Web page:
Airbnb has completely revolutionized traveling. Formerly, most travelers were limited to hotels and bed and breakfast-like accommodations. Airbnb has made it possible for travelers to live like a local—literally renting out residents’ apartments or homes.
The site has become extremely popular and attracts millions of users, many looking to spend a lot of cash on a luxurious vacation. Per usual, hackers follow the money and have created scams targeting hopeful vacation-goers. While the Airbnb site itself is safe and reliable, scammers may try to lead you off that path.
Use these tips to avoid an expensive vacation planning mishap:
- Avoid fake Airbnb websites or emails. Scammers use phishing scams that try to get you to click on malicious links that appear to be from a legitimate source. Some scammers have gotten realllly good at making websites that look just like the real Airbnb site, and you may only be able to tell the difference by the URL. To ensure the URL is legit, check to see that it starts with https://. Airbnb has also noted that an email from Airbnb will always have one of the following domains: @airbnb.com, @airbnbmail.com, @e.airbnb.com, @host.airbnb.com, @guest.airbnb.com, @airbnb.zendesk.com, @airbnbaction.com, @outreach.airbnb.com, @express.medallia.com, or email@example.com. If the sender doesn’t end with one of these, don’t click on any links within the message.
- Don’t contact hosts outside of Airbnb. If a host messages you and asks you to contact them over email or a different platform, stop communication and report them. The site is made so all communication can and must happen within the site. Airbnb flags users with suspicious activity or conversations, but it can’t do this if communications happen off of the site.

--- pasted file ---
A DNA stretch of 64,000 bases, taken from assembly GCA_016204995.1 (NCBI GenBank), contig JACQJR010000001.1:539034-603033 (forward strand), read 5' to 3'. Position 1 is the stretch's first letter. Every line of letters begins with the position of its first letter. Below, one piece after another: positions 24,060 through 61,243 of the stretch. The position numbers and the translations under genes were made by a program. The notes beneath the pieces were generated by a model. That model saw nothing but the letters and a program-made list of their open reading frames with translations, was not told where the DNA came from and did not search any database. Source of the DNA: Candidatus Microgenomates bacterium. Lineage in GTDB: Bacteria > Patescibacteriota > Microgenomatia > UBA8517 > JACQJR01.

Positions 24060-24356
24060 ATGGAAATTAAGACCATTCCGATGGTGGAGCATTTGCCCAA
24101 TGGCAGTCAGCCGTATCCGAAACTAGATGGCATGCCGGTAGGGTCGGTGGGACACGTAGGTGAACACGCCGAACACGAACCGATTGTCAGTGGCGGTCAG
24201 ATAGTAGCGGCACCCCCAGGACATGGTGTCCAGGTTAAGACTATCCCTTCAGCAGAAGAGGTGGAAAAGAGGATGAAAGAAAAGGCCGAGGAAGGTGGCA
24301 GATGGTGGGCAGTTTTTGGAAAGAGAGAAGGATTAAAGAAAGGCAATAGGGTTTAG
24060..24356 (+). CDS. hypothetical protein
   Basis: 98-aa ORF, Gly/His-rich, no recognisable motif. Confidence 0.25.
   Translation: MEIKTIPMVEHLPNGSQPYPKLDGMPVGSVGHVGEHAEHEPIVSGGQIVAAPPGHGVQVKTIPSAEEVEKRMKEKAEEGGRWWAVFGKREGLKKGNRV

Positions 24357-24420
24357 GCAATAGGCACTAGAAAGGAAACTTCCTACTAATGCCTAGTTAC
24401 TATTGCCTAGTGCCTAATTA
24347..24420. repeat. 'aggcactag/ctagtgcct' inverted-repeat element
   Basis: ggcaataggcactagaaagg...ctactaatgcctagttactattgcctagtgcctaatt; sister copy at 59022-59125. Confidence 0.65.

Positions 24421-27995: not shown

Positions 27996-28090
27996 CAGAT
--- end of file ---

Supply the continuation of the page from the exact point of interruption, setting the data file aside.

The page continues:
- Never wire money! Again, Airbnb is designed that all of the transactions happen through the site, no exceptions. If a host is asking you to pay any fees–in any way–outside of the site, it’s almost a guarantee that you’re being scammed.
- Read reviews religiously. Check to make sure they have a decent sample size of reviews to ensure the host is for real and established (reading reviews is a general good practice when using the site for a lot more than just avoiding scams. You’ll learn a lot about the property that isn’t evident from the description or photos).
- Be suspicious of too-good-to-be true listings. A private pool, breakfast included, pet friendly, right on the water, all for $100 a night? Sounds like a fairytale getaway without breaking the bank, but it could do just the opposite if it’s a scam. Be wary of listings that promise a spread of amenities at a discount price to draw you in.
Airbnb is a great way to find unique and affordable accommodations for your next excursion anywhere in the world. It’s known to be safe and reliable, but as with most things travel-related, it requires you to be smart and exercise best practices to avoid a vacation disaster from an imitator site or scammer.
Guest Blogger: Mary Mulcahy